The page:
---------- Post added 05-21-2010 at 02:40 PM ----------

---------- Post added 05-21-2010 at 02:42 PM ----------

Reconstructo;166689 wrote:
I know I always say this, but I think you would love Kojeve's book, because he traces eternity, time, and the concept from Parmenides to Hegel. And he writes brilliantly on Kant. To me, "eternal" just means timeless. The "a priori" is timeless, right? So Kant is really talking about the relationship between time and eternity. Or that's my opinion. And that's why questions like this amuse me. Carl Jung looked at a priori spiritual instincts, to put it in a clumsy way. I think we philosopher types in general want our the truth we seek to be as timeless as possible. Otherwise we would probably look at more directly applied subjects. Just my thought.
Of course I know "eternal" has certain associations that make it questionable. But let's call a spade a spade, say I. The transcendental is the eternal. I offer this humbly. I like to think of the transcendental as a sort of cooky cutter that experience has to pass thru before we are conscious of it. But this "cooky cutter" and the philosophy of Kant for instance are all of course part of our conscious experience. So the interesting task is looking at our conscious experience to find its unchanging structure. I feel that's what Kant had to do. He said somewhere that coming up with those categories was one of the more dififcult things a philosopher could accomplish. Nietzsche quoted him on this so I don't know where Kant said it.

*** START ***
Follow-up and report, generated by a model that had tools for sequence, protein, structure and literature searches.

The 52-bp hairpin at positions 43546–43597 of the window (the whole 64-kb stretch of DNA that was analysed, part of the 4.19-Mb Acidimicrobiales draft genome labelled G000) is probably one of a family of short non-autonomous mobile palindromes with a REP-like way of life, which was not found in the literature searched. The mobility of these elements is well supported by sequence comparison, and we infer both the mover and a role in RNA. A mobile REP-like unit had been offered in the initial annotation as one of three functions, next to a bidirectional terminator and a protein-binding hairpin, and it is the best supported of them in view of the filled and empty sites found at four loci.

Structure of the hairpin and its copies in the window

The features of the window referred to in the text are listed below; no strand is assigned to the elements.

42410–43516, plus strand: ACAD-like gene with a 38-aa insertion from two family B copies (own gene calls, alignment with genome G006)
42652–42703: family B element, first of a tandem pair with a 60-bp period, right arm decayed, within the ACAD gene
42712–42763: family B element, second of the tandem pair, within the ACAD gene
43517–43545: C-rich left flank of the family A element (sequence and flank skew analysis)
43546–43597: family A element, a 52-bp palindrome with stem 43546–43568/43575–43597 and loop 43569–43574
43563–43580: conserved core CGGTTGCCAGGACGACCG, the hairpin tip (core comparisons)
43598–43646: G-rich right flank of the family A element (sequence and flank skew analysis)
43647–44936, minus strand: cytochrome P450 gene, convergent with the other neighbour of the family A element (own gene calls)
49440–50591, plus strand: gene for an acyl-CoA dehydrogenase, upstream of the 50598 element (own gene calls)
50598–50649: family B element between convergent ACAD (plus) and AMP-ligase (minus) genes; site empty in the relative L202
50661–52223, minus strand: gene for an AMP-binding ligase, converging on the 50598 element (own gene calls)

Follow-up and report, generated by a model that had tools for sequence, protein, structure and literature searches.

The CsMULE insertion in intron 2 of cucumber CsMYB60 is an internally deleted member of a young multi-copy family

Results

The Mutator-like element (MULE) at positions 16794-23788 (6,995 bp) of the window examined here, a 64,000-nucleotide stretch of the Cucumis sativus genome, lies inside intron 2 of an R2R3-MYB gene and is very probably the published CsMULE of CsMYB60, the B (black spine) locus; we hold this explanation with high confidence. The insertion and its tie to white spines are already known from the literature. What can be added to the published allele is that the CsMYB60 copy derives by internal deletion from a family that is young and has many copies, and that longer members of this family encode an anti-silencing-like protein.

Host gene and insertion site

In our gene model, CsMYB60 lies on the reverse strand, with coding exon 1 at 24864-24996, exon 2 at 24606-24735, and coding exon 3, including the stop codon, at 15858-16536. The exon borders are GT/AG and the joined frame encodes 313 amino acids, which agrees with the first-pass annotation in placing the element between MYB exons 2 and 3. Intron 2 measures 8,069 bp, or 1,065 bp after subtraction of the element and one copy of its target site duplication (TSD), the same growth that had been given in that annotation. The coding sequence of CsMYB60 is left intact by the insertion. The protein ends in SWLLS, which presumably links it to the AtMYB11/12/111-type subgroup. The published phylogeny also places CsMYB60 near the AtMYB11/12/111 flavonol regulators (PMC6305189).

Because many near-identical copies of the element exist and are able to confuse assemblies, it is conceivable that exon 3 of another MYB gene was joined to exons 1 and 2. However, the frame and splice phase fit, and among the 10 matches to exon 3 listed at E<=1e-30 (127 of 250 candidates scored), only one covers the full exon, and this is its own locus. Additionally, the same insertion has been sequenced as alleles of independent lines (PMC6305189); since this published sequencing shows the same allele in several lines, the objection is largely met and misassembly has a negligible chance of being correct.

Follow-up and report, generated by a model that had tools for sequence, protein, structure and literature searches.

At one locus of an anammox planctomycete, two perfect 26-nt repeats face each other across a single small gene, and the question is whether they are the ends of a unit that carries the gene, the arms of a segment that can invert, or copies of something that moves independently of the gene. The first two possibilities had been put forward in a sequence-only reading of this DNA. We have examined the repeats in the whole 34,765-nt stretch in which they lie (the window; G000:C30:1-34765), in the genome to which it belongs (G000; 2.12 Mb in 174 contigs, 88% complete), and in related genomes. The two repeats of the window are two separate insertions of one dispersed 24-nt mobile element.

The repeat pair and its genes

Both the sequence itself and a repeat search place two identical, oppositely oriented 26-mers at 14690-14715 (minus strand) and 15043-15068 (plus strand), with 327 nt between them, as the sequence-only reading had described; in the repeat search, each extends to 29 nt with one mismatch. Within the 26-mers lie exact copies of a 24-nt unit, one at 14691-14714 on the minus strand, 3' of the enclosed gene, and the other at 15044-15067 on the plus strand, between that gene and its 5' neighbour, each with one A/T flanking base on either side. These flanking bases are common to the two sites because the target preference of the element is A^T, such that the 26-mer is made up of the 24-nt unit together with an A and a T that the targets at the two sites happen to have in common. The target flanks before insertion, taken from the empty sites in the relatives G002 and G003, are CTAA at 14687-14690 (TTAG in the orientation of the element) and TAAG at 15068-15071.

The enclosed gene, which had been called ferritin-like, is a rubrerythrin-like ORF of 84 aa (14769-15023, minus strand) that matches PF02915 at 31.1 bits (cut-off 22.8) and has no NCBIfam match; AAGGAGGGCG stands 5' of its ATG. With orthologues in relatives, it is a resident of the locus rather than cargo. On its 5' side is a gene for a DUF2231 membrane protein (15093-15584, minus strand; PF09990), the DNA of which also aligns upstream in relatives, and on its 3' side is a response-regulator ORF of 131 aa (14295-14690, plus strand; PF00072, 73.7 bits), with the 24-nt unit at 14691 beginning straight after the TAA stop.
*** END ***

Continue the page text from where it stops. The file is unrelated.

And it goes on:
I know I've sometimes compared Kant unfavorably with Hegel, but Hegel is impossible without Kant. Still, Hegel explains the genesis of philosophical self-consciousness, the structure of TIME. I'll shut up, thought. I''m getting off topic...

which is the eternity (or not) of logical operators like "if or and not":flowers:


1. I thought the a priori simply dealt with human knowledge. How does that make it eternal? Granted the structure is unchanging, but that doesnt necessarily mean that the knowledge generated through it is; nor does it mean that human beings in themselves are eternal. It is simply a constant for human beings: our consitution is to think in such an such a way.
1.1 Humans continue ad infinitum (through reproduction), but that does not mean that we are eternal, or for that matter that our a priori cognitions are eternal. We are not certain as to whether or not we will encompass an eternity. In fact its absurd to encompass eternity.